Former New York City Police Commissioner Bernard Kerik argued this week that a federal appeals court should vacate his four-year prison sentence because of serious errors and bias by his trial judge.
Kerik documented for the Second Circuit Court of Appeals in New York the remarkable judicial bias that prompted our non-partisan Justice Integrity Project earlier this year to cite the Republican's prosecution as one of our "Leading Cases" of judicial and prosecutorial misconduct nationally.
The three major arguments in Kerik's brief filed Sept. 28 attacked U.S. District Judge Stephen C. Robinson, who put Kerik in solitary confinement pre-trial for until he agreed to plead guilty to corruption charges last November.
At sentencing, Robinson continued his pre-trial pattern of denouncing the defendant before sentencing him to a term that exceeded both the plea bargain agreement and federal sentencing guidelines. In May, the former Bush cabinet nominee Kerik began serving his term on corruption charges at the federal correctional institute in Cumberland, MD.
Kerik's first appeal argument cited the judge for unduly punishing the defendant because a blogger-neighbor of Kerik several times supported Kerik pre-trial with blog postings. The posts suggested, among other things, that Kerik was being politically prosecuted for tax irregularities similar to those ignored when committed by such prominent Democrats as Treasury Secretary Timothy Geithner and U.S. Rep. Charles Rangel (D-NY). The judge formerly served as the Democratic-appointed U.S. Attorney for Connecticut, and as an assistant U.S. attorney in New York.
Hala and Bernard Kerik photo by maxine susseles
Kerik's filing said:
To allow a sentencing court to penalize a defendant for failing to stop others from criticizing the government and from asserting his innocence prior to a plea would violate core First and Fifth amendment protections, including Due Process. And even if these grounds for increasing the sentence had not been improper considerations, the sentence would be unlawful because of a separate procedural error: these unusual factors upon which the judge relied were not discussed in the presentencing materials and the judge prejudicially failed to give the required notice of his intent to rely on them.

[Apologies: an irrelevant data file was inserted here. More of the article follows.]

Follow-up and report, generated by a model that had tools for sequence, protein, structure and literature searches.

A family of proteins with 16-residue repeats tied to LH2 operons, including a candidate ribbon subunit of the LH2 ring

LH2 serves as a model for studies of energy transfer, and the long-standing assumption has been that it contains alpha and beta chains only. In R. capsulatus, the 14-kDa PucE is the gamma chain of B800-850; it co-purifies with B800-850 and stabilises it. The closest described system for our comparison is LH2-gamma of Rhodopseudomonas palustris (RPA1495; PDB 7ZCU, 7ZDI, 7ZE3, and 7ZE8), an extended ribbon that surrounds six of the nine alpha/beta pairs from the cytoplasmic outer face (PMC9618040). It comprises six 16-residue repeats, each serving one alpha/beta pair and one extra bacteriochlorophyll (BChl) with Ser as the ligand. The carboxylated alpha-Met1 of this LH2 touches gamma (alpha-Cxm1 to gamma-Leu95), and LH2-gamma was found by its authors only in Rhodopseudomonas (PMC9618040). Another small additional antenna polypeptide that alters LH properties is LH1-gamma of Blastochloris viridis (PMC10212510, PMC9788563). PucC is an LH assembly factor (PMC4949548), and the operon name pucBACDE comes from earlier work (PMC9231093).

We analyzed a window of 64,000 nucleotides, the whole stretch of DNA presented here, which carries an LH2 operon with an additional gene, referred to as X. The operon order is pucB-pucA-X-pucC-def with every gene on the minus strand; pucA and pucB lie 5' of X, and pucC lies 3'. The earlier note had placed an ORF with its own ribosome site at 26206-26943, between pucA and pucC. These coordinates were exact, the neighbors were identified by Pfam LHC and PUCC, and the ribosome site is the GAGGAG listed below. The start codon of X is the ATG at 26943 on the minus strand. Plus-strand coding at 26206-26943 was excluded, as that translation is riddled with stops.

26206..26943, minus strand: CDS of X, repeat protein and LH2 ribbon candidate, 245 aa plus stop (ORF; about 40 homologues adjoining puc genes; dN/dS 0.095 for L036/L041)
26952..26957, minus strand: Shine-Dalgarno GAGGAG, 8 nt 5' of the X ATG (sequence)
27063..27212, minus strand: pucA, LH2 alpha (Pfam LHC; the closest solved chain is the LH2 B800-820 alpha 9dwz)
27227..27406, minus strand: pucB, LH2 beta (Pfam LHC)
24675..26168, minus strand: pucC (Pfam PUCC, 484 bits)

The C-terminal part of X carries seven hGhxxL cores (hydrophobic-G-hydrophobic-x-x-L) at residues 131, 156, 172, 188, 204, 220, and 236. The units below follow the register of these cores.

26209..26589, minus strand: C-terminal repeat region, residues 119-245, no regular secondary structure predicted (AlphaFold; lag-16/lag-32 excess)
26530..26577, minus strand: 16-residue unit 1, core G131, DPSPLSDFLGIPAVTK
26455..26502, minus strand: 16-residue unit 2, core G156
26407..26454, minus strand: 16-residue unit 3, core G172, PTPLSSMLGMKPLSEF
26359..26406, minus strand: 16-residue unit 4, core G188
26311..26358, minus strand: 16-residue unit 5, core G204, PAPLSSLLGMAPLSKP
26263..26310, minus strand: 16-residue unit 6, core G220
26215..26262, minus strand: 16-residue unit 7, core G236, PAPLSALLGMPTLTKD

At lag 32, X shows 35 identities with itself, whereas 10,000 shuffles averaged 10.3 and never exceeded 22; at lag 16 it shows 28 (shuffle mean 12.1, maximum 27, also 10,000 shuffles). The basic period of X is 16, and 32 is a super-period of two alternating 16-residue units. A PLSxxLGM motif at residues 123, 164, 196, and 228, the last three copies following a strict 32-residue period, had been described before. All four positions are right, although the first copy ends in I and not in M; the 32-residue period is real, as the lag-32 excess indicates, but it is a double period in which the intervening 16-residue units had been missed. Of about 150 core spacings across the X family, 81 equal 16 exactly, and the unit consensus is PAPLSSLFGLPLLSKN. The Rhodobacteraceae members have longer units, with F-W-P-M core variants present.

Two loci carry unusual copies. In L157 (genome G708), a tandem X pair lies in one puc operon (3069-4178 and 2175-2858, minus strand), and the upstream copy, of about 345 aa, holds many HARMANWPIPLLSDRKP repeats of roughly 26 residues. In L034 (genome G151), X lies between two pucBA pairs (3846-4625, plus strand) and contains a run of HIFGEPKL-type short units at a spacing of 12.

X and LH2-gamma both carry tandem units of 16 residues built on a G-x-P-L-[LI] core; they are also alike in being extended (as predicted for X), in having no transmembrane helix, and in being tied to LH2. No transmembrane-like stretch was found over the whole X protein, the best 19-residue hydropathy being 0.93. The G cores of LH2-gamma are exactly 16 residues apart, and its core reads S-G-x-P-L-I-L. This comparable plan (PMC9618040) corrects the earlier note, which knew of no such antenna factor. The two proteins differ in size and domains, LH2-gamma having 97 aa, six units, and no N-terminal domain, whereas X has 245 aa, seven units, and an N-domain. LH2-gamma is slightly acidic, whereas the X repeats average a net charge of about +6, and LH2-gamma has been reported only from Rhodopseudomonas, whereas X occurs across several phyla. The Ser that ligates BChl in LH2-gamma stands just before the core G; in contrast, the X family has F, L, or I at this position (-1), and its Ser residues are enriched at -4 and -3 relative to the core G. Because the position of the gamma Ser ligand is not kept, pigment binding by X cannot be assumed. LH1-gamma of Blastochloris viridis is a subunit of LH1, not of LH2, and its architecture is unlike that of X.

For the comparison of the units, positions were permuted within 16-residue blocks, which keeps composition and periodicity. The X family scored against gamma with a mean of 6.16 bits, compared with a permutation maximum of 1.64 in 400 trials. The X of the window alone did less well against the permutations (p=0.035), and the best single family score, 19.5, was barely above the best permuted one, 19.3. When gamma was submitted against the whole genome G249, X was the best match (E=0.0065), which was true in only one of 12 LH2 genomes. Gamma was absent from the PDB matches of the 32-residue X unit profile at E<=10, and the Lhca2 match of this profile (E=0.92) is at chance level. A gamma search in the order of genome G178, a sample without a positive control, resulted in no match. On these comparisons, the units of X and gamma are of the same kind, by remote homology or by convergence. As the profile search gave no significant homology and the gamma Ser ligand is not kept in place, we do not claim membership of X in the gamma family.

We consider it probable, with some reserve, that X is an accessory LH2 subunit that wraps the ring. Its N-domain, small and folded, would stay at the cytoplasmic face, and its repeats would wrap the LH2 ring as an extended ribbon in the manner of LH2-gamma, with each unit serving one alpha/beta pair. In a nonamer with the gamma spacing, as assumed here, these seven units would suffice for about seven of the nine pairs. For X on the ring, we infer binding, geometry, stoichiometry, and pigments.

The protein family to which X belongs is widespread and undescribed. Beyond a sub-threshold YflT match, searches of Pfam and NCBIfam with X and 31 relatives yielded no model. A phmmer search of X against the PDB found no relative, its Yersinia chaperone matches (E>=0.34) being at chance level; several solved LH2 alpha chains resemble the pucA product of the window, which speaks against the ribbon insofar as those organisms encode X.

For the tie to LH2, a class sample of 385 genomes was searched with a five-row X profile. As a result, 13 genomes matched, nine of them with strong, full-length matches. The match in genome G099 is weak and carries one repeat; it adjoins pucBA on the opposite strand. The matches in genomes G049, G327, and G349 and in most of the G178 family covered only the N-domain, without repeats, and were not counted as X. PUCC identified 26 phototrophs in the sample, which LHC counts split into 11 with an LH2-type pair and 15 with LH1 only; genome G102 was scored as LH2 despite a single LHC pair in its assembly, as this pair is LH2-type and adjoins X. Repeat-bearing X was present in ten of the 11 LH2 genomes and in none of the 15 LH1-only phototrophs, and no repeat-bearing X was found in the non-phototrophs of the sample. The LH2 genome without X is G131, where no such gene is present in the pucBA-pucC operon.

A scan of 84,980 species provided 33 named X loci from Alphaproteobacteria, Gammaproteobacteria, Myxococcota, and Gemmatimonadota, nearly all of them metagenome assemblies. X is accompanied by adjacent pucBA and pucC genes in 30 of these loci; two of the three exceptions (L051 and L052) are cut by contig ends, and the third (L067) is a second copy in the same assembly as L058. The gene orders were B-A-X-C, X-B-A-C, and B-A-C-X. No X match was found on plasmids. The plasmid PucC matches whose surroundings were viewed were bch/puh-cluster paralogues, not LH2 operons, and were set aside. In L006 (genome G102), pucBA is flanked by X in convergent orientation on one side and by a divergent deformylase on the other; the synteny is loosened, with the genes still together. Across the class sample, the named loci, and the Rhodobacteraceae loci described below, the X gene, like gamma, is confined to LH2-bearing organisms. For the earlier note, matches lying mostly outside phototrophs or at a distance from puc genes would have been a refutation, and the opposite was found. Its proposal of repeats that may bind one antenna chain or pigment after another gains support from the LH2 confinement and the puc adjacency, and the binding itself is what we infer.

Kerik, who had been then-Mayor Rudy Giuliani's police commissioner during 9/11, further showed how the judge repeatedly cited 9/11 in denouncing the defendant both pre-trial and at sentencing. Yet the judge forbade the defense from mentioning the defendant's 9/11 work.
The context for the judge's criticism was his claim that Kerik had unduly profited post-retirement and from wrongdoing in his three decades of public employment, which included becoming, even before he became police commissioner in 2000, one of his city's most honored policemen in history and a revolutionary city corrections commissioner.
U.S. District Judge Stephen Robinson
The judge contrasted Kerik's income to what the judge repeatedly described as his own financial frustrations in his life. At sentencing, the judge reflected:
And, so, what happens as a result is you look at your own life and you see the relatively meager circumstances. Your house is a lot smaller. You don't drive as nice a car. You don't get to go to Aspen in the winter and Cabo in the summer, and your friends do."
Kerik's brief further quoted the judge as complaining at Kerik's sentencing about the judge's own life:
You look at your friends and say, when you want to go off to Mexico for vacation, "You get to jet off, but I don't. And you live in a big house, and I don't."
Robinson resigned from the bench to begin work this summer as a partner for Skadden Arps, Kerik's brief noted. Trade publications report that average Skadden partner compensation is $2.1 million. "Under the circumstances," Kerik's brief argued, "the sentencing judge's comments form a backdrop against which the need for resentencing is all the more starkly visible."